Second, old problems remained in the monetary sector. In 2014, owing to the relatively favorable external situation and targeted exchange rate, the National Bank of Belarus (NBB) managed to reduce interest rates. However, highly unstable inflation and depreciation expectations remained beyond the control of the central bank. Along with the high level of real and financial dollarization, these old problems contributed to uncertainties in the financial market.
Third, in early 2015, new concerns appeared over the number and combined amount of debts of the central authorities and the private sector. According to international standards, the level of the state debt remains within the acceptable margins (17.3% of GDP). However, the state budget was clearly affected by the need to repay and service old debts, which started the trend towards a reduction in budget expenditures.
In the private sector, there were several prerequisites for the deterioration of the quality of debts. During the decade of the ‘lending binge’ non-financial companies were actively changing the structure of their capital by increasing the share of borrowed funds. Over the past ten years, the equity-assets ratio in the economy decreased to 57.3% from 79.4%. Since 2012, the cost of borrowing in real terms remained very high, resulting in a higher loan burden on companies and erosion of their floating capital.
Furthermore, in 2013–2014, many companies were taking loans in foreign exchange seeking to reduce the debt burden. In many cases, loans in foreign currency were taken by businesses that had no currency receipts. As a result, the quality of debts became dependent on exchange fluctuations.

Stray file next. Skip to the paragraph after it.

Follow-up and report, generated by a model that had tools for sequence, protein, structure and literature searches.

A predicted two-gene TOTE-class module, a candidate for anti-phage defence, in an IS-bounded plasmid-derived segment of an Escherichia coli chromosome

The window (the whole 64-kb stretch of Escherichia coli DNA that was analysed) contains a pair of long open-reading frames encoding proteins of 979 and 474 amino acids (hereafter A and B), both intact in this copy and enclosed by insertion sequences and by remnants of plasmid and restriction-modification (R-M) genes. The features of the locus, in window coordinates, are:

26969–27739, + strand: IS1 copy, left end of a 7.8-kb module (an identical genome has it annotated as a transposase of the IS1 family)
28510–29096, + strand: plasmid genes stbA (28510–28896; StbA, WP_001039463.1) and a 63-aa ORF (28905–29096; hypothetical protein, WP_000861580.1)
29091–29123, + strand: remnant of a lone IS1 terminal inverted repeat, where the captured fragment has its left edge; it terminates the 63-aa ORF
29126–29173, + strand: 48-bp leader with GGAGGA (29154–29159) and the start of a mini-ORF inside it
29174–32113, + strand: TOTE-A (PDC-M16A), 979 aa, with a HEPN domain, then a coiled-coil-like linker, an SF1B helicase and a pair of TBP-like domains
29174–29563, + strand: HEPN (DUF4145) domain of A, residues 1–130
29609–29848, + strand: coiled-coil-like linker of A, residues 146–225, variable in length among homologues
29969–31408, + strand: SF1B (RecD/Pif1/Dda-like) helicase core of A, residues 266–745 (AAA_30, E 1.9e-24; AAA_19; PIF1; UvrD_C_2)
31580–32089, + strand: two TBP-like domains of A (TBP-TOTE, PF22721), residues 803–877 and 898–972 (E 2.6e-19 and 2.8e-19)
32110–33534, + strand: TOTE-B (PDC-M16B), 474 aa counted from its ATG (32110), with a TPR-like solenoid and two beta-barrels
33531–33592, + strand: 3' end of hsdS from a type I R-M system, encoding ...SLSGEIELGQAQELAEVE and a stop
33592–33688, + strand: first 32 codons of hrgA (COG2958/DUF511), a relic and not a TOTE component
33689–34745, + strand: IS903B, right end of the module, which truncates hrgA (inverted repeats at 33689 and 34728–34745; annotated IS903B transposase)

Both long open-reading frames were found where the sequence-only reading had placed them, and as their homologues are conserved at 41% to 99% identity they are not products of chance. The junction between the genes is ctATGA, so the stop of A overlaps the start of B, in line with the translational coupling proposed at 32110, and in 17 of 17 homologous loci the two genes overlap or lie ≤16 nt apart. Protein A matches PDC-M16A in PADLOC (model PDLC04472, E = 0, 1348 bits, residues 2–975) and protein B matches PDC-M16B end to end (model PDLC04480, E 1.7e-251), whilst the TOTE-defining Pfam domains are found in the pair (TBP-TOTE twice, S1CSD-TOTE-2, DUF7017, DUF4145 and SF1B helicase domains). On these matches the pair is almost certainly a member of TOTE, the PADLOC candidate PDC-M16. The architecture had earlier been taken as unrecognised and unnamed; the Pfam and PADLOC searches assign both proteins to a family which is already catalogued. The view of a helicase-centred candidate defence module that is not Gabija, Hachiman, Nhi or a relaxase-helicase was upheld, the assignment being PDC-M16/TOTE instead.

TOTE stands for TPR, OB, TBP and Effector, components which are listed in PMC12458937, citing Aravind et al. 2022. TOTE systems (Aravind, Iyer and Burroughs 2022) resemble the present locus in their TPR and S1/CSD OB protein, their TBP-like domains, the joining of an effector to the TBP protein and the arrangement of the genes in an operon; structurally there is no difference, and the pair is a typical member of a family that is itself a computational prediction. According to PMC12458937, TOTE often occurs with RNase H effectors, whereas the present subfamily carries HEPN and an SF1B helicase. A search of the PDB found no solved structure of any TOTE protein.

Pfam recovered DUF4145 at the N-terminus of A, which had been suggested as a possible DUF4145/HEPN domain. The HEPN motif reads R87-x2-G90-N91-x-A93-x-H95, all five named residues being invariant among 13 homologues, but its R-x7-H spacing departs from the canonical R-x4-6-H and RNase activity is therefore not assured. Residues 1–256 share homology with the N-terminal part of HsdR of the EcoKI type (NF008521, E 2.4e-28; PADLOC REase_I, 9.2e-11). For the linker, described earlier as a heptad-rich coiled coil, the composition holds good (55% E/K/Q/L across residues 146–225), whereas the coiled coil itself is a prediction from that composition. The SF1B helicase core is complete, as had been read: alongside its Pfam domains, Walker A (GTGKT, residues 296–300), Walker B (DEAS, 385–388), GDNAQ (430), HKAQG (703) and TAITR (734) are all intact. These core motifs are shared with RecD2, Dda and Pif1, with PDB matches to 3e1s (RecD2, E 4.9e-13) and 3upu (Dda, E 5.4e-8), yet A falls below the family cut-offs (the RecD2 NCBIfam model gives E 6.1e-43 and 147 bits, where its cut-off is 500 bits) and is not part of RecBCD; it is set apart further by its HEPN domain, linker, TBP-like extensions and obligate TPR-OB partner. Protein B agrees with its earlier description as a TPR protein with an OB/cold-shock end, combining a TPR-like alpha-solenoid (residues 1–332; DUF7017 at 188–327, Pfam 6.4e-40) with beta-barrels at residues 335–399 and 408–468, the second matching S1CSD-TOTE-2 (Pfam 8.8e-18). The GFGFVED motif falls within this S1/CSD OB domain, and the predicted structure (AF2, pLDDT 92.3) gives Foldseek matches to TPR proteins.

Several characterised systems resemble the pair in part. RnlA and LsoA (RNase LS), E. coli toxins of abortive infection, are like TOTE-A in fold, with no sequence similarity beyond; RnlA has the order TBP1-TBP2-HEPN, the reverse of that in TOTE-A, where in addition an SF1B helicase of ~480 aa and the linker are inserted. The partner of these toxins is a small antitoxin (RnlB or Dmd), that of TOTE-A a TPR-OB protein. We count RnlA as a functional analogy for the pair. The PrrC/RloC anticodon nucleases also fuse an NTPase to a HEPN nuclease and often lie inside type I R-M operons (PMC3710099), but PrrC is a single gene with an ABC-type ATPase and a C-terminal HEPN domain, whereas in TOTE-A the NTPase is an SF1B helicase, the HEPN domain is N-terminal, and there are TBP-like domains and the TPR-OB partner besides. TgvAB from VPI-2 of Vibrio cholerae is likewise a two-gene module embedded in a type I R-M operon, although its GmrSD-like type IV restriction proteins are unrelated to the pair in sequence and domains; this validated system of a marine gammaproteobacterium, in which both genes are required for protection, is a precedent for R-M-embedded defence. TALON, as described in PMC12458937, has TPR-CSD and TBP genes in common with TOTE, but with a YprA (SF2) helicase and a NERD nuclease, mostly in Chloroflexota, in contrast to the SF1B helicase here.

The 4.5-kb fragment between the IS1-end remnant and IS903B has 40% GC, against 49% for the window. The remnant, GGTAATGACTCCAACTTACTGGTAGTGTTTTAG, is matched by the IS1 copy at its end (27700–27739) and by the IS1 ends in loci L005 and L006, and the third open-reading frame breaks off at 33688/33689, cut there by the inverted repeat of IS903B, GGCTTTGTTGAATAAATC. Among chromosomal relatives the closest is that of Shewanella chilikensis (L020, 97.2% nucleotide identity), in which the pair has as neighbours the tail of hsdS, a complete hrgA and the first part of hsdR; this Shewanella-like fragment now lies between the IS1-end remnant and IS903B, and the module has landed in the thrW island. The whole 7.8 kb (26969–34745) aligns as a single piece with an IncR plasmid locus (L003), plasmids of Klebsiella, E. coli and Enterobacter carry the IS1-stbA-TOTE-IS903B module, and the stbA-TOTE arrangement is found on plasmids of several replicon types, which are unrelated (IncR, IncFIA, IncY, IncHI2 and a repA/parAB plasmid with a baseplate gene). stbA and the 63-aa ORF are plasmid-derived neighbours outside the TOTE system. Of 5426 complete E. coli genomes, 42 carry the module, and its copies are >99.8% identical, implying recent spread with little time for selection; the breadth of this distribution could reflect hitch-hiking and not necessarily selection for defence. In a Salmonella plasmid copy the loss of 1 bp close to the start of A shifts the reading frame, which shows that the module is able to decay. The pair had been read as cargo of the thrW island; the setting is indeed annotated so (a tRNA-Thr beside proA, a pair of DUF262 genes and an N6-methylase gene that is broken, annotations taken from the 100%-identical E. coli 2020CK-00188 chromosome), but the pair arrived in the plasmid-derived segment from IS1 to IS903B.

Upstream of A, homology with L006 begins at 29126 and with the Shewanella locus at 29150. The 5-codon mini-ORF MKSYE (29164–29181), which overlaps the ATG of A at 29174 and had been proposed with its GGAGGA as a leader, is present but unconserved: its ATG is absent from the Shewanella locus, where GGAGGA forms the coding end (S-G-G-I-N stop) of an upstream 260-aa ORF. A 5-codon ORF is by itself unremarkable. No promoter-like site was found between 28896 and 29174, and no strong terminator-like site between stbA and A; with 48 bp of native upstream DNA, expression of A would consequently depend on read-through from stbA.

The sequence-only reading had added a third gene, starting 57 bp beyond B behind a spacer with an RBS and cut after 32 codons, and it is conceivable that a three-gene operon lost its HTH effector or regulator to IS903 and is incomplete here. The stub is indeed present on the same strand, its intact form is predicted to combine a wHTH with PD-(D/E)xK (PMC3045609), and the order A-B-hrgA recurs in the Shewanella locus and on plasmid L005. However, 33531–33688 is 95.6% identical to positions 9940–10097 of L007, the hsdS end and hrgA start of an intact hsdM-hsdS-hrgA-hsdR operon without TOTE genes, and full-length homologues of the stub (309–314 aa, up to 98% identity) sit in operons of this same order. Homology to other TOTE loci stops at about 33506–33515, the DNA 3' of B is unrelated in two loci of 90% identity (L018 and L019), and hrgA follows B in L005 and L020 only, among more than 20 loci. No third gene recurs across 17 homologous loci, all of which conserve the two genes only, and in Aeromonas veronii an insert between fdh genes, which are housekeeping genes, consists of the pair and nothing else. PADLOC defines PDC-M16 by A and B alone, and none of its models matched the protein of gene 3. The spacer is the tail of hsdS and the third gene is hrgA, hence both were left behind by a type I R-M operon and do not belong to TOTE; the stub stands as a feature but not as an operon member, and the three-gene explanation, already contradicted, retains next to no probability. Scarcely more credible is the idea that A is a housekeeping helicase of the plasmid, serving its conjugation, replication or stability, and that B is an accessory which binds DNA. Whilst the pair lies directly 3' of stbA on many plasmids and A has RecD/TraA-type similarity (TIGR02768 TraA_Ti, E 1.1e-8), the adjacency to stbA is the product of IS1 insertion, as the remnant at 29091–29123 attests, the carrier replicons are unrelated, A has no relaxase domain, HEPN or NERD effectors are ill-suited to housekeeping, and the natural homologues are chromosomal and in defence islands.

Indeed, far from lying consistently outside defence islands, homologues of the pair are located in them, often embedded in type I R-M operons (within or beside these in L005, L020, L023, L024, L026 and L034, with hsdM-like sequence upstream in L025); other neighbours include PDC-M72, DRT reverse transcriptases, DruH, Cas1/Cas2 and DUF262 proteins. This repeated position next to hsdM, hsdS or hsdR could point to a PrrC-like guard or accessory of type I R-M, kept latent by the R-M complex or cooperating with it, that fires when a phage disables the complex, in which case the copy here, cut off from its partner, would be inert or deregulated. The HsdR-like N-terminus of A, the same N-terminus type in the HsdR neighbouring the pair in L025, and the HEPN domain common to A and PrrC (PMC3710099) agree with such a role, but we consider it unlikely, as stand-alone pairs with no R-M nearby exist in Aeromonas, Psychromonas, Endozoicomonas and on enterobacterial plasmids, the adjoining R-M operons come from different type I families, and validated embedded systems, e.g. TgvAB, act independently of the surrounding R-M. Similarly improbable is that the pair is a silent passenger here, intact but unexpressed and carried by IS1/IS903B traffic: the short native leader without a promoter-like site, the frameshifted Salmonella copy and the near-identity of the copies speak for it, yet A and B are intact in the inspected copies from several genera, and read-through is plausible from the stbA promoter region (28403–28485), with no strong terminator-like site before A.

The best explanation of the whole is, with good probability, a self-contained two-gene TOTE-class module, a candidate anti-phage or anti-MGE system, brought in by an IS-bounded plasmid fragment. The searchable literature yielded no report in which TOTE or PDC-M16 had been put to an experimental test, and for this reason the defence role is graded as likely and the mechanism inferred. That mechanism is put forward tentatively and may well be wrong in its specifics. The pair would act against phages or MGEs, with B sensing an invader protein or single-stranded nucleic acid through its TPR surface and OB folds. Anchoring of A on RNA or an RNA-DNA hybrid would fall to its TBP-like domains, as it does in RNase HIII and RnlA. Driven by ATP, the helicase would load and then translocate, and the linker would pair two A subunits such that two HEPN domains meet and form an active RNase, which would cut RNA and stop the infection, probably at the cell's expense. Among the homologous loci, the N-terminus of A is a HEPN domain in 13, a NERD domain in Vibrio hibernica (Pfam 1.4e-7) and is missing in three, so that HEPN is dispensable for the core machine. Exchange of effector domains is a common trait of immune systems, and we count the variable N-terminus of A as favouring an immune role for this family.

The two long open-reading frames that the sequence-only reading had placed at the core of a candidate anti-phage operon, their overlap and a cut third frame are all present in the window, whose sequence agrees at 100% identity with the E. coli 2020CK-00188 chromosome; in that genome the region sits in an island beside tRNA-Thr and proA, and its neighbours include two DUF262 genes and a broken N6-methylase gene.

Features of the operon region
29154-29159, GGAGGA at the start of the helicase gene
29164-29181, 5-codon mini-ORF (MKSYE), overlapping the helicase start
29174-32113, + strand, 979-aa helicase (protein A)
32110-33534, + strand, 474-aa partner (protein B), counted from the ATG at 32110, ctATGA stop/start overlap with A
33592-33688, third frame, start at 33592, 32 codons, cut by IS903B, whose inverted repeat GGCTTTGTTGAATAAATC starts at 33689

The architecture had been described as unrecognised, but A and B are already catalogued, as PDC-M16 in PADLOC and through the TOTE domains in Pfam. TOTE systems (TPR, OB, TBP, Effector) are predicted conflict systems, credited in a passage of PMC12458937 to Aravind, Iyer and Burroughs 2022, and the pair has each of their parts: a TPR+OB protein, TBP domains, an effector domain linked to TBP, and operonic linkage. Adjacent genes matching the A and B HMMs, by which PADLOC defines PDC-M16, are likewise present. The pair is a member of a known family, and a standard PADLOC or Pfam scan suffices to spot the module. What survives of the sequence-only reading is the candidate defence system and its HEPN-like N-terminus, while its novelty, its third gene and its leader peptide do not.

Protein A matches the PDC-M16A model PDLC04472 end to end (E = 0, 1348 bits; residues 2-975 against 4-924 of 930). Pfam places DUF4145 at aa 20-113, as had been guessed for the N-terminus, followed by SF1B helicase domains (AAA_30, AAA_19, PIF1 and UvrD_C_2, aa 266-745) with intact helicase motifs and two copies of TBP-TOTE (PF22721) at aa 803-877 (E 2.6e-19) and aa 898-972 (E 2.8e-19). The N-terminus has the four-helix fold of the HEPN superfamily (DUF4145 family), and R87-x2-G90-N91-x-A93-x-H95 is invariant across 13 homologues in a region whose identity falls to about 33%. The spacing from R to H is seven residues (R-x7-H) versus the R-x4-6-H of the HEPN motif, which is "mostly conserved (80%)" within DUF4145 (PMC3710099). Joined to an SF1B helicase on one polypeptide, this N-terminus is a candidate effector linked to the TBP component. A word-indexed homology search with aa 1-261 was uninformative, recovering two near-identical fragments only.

Therefore, the original prerequisites for economic growth in 2015 were virtually nonexistent. It was apparent that the stagnation of personal incomes and, consequently, expenses and consumption, was unavoidable. Further decreases in external and internal investment demand were also very likely.
Up until the crisis of December 2014 it had been unclear whether GDP would be maintained at its previous level (with minimum growth) or the year 2015 would become the first year in the previous two decades to see a setback. The crisis made it obvious that Belarus was in for a recession spell. Two new priorities were added to the agenda: (1) How deep and long will the recession turn to be? and (2) Will the currency crisis evolve into a full-scale financial crisis?
New format of macroeconomic policy
At the turn of 2015, the authorities took administrative measures to address the new currency crisis, including currency restrictions, direct price controls, and new taxes and charges on foreign exchange transactions. However, drawing on the experience of dealing with the financial crisis of 2011, this time the authorities were aware that such measures would eventually contribute to uncertainty and undermine people’s trust, thus disorganizing the entire financial market of the country.
Therefore, the NBB tried more adequate measures to respond to the new economic reality during the first weeks of 2015. In mid-January, the NBB announced a ‘revolution’ in the country’s monetary policy. First, the central bank recognized the need to change from the targeted exchange rate policy towards the floating exchange rate model. The NBB will only interfere in the exchange rate formation process to ‘extend’ the periods of sudden fluctuations.
Second, the central bank announced a new nominal ‘anchor’ of its monetary policy — the broad money supply. The new, targeted money supply regime implied that inflation was a higher priority for the NBB than the exchange rate. In order to ensure the desired inflation level, the NBB undertook to limit the increase in money supply.